Devialet’s Phantom doesn’t look like a typical speaker; in fact, it doesn’t look like any kind of speaker I’ve encountered. It certainly isn’t designed like any speaker I’m familiar with. Most importantly, it doesn’t sound like any speaker I’ve heard. Like a Mounds candy bar, it’s indescribably delicious. But like a box of Fritz Knipschildt’s La Madeline au Truffles, it is also very expensive at $1990.
Let’s start with the Phantom’s cabinet. Single-cabinet speakers certainly aren’t new, but the Phantom is a radical departure from the norm. The speaker has an external skin fabricated from a thick wall of ABS plastic that surrounds an inner skin of glass-fiber polycarbonate. This, in turn, is wrapped around an aluminum core. You can play the speaker at any volume and you’ll never feel the cabinet vibrate or hear it resonate. Each of its four drivers is completely isolated from the enclosure.
The Phantom is a three-way speaker system consisting of two eight-inch woofers, a one-inch tweeter, and a “ring” mid-range transducer encircling the tweeter that Devialet says is equivalent to a five-inch midrange. The woofers are mounted on either side of the cabinet in a push-push configuration in order to cancel each other’s vibration. Motorized domes over the woofers displace air to reproduce extremely low frequencies. These look very strange as they pulsate in and out to the beat of the music, but Devialet says the motors enable the Phantom to deliver bass response all the way down to 16Hz. Most people’s ears have difficulty hearing sound at 20Hz, but your body can feel frequencies lower than that and 16Hz is far lower than most dedicated subwoofers can go.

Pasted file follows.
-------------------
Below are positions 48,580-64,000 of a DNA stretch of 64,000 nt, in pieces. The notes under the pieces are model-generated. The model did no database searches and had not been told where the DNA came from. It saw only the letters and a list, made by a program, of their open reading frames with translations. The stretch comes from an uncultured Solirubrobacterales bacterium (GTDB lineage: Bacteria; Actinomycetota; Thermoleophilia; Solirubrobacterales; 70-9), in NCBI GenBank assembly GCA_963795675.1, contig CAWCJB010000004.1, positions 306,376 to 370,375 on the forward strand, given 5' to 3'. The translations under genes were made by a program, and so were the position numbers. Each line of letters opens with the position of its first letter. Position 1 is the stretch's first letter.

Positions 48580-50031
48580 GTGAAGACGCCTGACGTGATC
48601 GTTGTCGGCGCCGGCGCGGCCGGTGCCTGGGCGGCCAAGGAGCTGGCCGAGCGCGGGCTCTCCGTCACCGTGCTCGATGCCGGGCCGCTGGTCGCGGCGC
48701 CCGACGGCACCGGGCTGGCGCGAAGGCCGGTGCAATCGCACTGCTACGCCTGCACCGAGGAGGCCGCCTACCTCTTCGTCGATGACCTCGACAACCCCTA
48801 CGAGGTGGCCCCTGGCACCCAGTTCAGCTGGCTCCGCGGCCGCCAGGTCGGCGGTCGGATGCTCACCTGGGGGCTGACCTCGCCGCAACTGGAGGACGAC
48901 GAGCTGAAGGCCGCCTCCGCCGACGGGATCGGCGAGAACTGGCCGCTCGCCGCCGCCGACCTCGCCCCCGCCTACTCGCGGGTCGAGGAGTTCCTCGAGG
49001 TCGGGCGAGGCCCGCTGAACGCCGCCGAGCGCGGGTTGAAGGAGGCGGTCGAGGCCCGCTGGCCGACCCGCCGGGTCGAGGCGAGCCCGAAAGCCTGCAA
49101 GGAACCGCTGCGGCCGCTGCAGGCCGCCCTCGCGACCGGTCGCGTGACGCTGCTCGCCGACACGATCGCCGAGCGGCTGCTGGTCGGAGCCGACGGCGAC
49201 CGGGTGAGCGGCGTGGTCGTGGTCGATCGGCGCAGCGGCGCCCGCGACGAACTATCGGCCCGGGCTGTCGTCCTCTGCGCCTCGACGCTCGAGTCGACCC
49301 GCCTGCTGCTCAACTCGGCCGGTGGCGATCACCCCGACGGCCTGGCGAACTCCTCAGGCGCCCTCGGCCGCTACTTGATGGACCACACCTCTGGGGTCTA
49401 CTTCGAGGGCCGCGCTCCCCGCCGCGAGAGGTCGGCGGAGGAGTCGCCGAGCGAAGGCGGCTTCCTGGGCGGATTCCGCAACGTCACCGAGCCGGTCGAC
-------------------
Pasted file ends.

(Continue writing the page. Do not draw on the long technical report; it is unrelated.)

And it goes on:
The tweeter is mounted in the Phantom’s nose, for lack of a better word, behind a very pretty lattice grill, and the mid-range completely encircles the tweeter. All four drivers are fabricated from aluminum, a driver material coveted for its strength. Each of the four drivers has its own dedicated amplification channel, formed by one bridged Class A amplifier and two bridged Class D amplifiers for each driver. The Phantom has four bridged Class A amplifiers and eight bridged Class D amplifiers in total.
I don’t put much stock in amplifier power specs these days, because they’ve become rather meaningless. A modern amplifier producing 20 watts can sound louder than a vintage amp producing 100 watts because the new models have become so much more efficient at converting electrical power into sound (yes, I’m grossly oversimplifying the concept of amplifier efficiency). The way I see it, if an amplified speaker can fill one of my larger rooms with sound—something the Phantom had no problem doing—it’s going to be plenty loud for most people.
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